Recently, Canada has decided to delay the expansion of professional medical assistance in dying (MAiD) to people living with mental illness. This decision follows a legal challenge filed concerning the province of Quebec’s rules and guidelines on MAiD.
The initial challenge was filed by the Canadian Association of Social Workers, who argued against the applicability of the current eligibility criteria for MAiD for people living with mental illness. As MAiD for those with mental illness was due to come into effect on March 11, 2021, this decision from the Quebec Superior Court prompted Ottawa to delay the introduction of the rules.
Since 2016, Canada has allowed medical assistance in dying for those with terminal illnesses and certain chronic physical conditions, although it was restricted for those living with mental illness. The Canadian government has proposed removing the restriction on mental illness in an effort to provide those with mental health challenges access to the same rights available to those with physical challenges.
Public Health Minister Patty Hajdu has assured the public that the federal government will not accept legislation that’s below the standards outlined in Canada’s Medical Assistance in Dying Act. This assurance is meant to provide a sense of security and trust in the system.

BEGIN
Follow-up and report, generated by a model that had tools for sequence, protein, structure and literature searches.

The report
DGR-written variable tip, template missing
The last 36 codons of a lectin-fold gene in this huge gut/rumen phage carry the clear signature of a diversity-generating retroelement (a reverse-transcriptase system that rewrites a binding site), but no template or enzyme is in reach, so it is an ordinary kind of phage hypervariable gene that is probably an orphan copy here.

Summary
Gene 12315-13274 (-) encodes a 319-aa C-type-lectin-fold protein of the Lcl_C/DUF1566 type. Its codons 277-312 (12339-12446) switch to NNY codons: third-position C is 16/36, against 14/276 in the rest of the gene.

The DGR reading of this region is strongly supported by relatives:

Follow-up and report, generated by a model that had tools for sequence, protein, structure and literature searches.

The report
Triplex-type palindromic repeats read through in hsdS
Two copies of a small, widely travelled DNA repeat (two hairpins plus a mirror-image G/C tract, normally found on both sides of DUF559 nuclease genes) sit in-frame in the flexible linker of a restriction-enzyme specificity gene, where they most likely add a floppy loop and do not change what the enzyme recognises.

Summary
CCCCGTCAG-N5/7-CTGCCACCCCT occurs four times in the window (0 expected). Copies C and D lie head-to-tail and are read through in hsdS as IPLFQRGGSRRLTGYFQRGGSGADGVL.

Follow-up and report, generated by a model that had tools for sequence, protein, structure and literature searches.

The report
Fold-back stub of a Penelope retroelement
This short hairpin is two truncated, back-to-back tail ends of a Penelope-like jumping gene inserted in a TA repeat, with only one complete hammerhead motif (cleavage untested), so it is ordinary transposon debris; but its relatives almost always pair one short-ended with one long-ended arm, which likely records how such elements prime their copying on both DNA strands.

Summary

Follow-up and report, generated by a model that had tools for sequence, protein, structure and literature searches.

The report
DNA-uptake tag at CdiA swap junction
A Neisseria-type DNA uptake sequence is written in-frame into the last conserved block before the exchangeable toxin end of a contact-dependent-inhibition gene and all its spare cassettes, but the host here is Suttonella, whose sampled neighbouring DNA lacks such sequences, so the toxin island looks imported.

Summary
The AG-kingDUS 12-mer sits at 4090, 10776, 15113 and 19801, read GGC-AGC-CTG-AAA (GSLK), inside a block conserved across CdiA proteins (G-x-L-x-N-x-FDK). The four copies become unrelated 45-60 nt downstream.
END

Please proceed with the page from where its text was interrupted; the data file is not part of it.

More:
However, this delay has caused concern that the federal government is choosing to ignore the wishes of those living with mental illness and their desire to have access to MAiD. The government is now being faced with the difficult task of giving those with mental illness a right to choose, while at the same time ensuring the protection of vulnerable people.
At the moment, the Canadian government is working to meet the standards set out in the MAiD act from 2016, while at the same time try to create a safe and secure system for those living with mental illness. It remains to be seen what the final outcome of the legislation will be but it’s clear that Canadians are united in wanting a respectful and equitable system that will protect all citizens.
Canada has delayed efforts to grow it’s health-related assistance in dying program to incorporate psychological sickness. The strategies lifted unease in a place that currently has a liberal assisted loss of life policy.
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